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ERIC Number: EJ1107556
Record Type: Journal
Publication Date: 2016-Jun
Pages: 13
Abstractor: As Provided
Reference Count: N/A
ISSN: ISSN-1092-4388
Story Goodness in Adolescents with Autism Spectrum Disorder (ASD) and in Optimal Outcomes from ASD
Canfield, Allison R.; Eigsti, Inge-Marie; de Marchena, Ashley; Fein, Deborah
Journal of Speech, Language, and Hearing Research, v59 n3 p533-545 Jun 2016
Purpose: This study examined narrative quality of adolescents with autism spectrum disorder (ASD) using a well-studied "story goodness" coding system. Method: Narrative samples were analyzed for distinct aspects of story goodness and rated by naïve readers on dimensions of story goodness, accuracy, cohesiveness, and oddness. Adolescents with high-functioning ASD were compared with adolescents with typical development (TD; n = 15 per group). A second study compared narratives from adolescents across three groups: ASD, TD, and youths with "optimal outcomes," who were diagnosed with ASD early in development but no longer meet criteria for ASD and have typical behavioral functioning. Results: In both studies, the ASD group's narratives had lower composite quality scores compared with peers with typical development. In Study 2, narratives from the optimal outcomes group were intermediate in scores and did not differ significantly from those of either other group. However, naïve raters were able to detect qualitative narrative differences across groups. Conclusions: Findings indicate that pragmatic deficits in ASD are salient and could have clinical relevance. Furthermore, results indicate subtle differences in pragmatic language skills for individuals with optimal outcomes despite otherwise typical language skills in other domains. These results highlight the need for clinical interventions tailored to the specific deficits of these populations.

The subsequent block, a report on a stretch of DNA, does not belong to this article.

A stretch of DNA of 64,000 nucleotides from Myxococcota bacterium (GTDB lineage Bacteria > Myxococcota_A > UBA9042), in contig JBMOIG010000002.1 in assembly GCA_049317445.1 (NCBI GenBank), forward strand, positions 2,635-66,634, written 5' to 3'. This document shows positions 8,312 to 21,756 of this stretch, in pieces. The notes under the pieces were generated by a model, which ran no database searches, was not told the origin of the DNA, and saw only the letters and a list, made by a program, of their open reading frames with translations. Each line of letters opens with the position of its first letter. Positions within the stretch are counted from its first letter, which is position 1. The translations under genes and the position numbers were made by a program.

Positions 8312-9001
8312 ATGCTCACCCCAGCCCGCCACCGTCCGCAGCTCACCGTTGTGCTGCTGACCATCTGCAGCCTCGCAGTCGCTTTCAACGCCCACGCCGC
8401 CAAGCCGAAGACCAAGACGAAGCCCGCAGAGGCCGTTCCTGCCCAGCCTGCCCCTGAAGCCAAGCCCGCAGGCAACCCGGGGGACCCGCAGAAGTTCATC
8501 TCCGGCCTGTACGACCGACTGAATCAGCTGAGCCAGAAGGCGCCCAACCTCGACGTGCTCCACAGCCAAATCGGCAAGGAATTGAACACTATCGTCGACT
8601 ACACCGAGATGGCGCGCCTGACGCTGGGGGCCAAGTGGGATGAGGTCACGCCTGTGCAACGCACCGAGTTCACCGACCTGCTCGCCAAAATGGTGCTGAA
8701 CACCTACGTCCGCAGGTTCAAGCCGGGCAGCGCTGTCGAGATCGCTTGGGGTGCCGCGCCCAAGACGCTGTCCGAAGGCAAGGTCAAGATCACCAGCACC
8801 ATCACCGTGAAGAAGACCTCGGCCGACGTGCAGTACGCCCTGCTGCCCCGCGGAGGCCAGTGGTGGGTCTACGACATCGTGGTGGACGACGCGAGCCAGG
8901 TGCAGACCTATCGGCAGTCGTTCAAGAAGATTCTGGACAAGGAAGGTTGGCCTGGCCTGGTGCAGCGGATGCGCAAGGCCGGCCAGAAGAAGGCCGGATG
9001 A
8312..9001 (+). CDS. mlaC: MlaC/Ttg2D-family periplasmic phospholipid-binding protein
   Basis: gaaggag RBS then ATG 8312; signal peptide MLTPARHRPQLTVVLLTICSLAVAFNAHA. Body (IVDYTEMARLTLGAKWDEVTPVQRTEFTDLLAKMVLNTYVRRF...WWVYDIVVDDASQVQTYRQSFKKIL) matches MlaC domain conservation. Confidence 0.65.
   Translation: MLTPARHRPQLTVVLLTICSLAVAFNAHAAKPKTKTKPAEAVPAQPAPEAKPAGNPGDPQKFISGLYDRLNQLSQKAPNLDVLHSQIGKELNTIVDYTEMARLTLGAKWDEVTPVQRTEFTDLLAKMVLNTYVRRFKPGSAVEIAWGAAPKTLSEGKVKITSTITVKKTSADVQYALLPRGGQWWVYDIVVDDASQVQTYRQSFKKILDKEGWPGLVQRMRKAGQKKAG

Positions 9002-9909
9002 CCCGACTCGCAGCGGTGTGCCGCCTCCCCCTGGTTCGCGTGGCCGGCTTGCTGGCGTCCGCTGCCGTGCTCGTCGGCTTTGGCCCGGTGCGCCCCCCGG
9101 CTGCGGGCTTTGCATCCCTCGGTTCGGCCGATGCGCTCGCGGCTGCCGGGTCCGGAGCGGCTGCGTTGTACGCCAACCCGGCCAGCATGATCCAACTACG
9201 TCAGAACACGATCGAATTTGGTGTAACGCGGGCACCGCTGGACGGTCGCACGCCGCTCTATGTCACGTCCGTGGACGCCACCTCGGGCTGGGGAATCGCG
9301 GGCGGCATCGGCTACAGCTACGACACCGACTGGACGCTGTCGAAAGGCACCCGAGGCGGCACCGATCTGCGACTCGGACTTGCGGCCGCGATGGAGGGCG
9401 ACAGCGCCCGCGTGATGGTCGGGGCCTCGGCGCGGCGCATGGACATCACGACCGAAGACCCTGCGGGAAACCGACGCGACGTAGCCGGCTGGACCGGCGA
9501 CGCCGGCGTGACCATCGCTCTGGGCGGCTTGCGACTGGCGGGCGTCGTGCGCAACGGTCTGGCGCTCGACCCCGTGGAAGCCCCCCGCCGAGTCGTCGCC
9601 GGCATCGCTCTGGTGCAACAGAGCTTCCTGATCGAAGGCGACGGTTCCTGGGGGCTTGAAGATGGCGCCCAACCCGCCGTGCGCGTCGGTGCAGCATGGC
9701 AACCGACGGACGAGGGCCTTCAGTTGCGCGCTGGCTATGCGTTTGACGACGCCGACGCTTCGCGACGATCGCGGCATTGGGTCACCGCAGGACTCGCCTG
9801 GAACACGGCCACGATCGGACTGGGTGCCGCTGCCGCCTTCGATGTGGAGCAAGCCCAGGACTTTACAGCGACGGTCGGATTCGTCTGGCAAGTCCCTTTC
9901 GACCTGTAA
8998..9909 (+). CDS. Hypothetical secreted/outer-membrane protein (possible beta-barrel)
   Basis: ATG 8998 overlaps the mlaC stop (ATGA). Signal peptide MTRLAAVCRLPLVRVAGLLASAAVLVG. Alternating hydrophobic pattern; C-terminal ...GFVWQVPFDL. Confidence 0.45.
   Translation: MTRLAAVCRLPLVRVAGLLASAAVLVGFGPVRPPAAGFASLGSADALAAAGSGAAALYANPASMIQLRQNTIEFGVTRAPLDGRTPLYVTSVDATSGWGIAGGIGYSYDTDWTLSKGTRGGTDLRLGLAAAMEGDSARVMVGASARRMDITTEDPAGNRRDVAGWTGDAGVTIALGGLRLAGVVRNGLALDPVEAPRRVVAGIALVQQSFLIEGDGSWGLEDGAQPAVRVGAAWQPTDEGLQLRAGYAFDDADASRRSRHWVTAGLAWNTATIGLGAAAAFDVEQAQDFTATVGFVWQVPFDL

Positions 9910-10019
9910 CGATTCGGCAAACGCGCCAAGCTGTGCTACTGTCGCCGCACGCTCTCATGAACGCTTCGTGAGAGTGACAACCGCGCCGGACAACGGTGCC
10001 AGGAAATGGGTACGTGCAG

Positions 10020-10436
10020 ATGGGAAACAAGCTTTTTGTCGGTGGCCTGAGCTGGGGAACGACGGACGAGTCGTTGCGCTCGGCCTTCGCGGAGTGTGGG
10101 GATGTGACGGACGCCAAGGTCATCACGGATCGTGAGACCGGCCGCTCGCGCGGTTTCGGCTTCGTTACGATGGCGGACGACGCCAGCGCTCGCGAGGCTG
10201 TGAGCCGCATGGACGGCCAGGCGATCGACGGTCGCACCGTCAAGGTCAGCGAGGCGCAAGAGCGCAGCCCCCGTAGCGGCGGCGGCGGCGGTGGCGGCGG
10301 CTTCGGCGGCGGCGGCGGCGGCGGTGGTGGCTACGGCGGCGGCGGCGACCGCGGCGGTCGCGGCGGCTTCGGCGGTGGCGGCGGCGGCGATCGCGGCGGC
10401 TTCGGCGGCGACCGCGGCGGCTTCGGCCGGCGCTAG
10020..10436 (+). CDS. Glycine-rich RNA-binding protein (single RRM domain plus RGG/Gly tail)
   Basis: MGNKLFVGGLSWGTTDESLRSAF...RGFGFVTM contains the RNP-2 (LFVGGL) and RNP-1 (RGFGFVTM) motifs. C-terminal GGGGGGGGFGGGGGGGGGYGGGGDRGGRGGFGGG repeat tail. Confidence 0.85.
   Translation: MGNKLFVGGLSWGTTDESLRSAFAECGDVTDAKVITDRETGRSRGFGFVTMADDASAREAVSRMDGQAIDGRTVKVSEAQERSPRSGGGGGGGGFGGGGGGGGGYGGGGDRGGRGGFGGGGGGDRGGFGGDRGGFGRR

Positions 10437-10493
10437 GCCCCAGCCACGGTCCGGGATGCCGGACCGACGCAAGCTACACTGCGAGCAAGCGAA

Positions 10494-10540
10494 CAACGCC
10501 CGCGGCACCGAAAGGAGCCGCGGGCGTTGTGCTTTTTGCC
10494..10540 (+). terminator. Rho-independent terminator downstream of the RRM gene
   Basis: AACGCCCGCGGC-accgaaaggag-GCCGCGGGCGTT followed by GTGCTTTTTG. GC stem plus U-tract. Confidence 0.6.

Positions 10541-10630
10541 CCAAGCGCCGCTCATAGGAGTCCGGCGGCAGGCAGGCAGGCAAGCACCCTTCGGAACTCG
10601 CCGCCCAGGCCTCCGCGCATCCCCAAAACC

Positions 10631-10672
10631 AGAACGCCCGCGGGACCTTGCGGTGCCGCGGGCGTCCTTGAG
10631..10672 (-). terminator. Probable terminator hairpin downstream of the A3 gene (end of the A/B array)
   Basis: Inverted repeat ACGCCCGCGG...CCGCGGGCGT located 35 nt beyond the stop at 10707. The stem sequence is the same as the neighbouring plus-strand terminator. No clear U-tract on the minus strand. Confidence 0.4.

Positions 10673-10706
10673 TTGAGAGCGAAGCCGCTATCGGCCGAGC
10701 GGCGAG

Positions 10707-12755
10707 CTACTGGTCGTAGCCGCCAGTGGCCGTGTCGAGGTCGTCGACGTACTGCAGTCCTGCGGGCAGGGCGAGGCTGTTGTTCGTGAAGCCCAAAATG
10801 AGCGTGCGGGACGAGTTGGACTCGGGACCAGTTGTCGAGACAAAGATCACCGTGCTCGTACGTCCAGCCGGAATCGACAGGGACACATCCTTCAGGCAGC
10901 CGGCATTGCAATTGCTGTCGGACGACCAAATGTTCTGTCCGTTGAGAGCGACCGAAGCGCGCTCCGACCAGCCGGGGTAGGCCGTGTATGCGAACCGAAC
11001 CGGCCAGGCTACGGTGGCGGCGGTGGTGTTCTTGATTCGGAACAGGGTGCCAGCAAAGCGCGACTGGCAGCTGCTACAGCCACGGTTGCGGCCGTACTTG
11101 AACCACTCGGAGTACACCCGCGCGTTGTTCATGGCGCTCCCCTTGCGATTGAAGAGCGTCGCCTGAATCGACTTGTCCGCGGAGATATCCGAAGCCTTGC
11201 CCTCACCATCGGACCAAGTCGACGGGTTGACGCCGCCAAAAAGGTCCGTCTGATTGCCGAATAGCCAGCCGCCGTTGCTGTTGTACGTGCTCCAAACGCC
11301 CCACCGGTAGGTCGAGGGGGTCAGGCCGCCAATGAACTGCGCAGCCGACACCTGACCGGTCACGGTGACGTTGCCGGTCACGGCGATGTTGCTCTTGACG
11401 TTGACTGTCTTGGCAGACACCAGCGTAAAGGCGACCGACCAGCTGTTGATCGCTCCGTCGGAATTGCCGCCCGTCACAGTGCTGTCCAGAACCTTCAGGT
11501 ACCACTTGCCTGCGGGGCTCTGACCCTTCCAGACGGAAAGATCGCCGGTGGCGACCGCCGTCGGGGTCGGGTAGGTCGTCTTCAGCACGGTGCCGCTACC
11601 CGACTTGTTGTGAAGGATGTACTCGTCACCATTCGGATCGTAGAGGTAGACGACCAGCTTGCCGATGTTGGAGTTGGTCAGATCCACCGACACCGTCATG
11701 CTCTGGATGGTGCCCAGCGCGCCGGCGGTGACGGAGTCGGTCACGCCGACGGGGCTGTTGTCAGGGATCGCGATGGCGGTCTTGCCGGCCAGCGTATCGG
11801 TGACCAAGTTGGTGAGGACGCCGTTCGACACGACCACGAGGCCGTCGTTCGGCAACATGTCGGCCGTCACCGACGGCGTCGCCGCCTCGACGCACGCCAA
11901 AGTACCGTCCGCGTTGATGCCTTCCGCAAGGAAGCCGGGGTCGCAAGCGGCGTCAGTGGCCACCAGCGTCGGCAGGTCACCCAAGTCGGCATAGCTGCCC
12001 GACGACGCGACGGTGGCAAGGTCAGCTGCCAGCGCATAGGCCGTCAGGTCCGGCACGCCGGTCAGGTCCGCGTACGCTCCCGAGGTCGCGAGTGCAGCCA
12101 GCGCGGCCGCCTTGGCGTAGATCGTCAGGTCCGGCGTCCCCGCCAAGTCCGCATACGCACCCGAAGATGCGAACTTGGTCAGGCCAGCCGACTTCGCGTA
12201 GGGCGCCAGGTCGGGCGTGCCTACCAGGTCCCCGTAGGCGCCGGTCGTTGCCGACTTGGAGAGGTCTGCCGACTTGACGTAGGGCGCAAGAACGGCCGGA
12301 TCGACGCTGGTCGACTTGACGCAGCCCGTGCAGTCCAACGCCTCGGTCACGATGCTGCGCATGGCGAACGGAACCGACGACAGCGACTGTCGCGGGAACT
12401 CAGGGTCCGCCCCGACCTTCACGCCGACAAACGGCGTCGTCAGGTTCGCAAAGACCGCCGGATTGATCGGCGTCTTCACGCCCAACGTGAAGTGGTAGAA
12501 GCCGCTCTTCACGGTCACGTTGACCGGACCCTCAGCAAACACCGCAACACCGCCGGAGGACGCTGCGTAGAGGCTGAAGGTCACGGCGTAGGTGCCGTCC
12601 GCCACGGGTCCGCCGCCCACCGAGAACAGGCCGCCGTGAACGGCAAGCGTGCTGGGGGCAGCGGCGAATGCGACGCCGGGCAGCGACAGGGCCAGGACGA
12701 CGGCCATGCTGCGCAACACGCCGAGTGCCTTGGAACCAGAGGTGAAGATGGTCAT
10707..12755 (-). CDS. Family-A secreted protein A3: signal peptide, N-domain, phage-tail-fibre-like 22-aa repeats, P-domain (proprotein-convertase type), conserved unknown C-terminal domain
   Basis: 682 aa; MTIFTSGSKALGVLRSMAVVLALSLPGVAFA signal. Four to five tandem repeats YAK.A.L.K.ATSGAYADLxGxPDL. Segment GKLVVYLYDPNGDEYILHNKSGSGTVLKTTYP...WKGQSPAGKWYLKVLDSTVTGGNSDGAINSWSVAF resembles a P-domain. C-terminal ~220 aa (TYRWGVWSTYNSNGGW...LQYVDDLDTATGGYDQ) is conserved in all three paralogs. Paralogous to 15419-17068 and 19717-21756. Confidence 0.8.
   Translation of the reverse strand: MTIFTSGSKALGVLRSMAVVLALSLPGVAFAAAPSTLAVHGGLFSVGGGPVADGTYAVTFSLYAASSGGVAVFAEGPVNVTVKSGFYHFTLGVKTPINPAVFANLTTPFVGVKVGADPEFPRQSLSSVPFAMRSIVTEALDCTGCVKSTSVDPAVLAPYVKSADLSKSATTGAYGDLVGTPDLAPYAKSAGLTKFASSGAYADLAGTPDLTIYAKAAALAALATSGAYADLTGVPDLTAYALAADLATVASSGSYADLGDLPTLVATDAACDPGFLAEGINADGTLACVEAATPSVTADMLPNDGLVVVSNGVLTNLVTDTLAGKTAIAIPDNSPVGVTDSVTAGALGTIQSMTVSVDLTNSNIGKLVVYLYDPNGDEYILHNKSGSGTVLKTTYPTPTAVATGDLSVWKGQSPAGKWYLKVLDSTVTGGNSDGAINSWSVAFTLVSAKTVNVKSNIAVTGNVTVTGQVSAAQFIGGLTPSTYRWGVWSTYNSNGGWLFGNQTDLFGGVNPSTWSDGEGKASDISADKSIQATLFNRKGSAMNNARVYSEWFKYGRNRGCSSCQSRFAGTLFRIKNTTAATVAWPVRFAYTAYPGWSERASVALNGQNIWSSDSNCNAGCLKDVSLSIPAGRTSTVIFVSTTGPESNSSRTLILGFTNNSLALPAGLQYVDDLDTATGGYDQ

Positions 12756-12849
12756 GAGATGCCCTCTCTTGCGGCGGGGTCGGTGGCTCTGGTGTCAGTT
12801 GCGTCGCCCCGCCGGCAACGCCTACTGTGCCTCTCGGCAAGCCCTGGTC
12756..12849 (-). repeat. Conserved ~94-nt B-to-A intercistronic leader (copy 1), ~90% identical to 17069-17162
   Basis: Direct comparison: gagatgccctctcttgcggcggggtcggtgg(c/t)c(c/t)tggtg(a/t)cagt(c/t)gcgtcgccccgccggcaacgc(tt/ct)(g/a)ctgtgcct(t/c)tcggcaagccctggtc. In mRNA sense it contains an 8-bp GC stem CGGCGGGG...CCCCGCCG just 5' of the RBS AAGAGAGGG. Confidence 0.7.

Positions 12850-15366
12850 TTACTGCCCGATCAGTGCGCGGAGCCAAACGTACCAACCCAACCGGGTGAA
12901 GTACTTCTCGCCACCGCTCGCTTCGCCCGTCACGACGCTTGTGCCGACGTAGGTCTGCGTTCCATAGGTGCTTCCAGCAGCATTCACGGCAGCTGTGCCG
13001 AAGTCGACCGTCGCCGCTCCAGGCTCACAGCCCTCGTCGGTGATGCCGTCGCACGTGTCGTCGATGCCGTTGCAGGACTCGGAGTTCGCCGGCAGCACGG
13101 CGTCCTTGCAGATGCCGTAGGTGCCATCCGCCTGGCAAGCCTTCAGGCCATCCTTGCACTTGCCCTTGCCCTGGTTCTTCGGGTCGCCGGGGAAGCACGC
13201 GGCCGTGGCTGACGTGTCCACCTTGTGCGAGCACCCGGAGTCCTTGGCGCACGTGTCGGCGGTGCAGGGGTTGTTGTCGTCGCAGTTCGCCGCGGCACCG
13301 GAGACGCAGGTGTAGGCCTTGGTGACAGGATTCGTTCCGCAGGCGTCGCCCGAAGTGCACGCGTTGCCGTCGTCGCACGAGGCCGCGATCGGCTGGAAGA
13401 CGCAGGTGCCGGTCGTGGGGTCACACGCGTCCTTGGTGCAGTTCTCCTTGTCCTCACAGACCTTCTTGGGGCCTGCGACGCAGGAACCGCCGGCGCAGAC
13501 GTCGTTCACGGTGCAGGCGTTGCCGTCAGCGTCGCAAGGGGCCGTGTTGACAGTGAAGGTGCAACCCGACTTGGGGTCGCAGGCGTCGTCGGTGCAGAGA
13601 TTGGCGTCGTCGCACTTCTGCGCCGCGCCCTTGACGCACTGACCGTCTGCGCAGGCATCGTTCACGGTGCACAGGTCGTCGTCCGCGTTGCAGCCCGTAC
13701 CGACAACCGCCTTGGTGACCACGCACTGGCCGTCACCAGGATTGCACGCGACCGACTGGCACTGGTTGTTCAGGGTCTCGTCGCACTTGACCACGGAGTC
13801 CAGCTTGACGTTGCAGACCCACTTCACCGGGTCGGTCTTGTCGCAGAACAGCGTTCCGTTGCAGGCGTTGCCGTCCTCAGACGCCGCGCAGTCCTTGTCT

American Speech-Language-Hearing Association. 2200 Research Blvd #250, Rockville, MD 20850. Tel: 301-296-5700; Fax: 301-296-8580; e-mail:; Web site:
Publication Type: Journal Articles; Reports - Research
Education Level: N/A
Audience: N/A
Language: English
Sponsor: National Institute of Mental Health (DHHS/NIH); National Institute of Neurological Disorders and Stroke (NIH)
Authoring Institution: N/A
IES Grant or Contract Numbers: R01MH076189|T32NS007413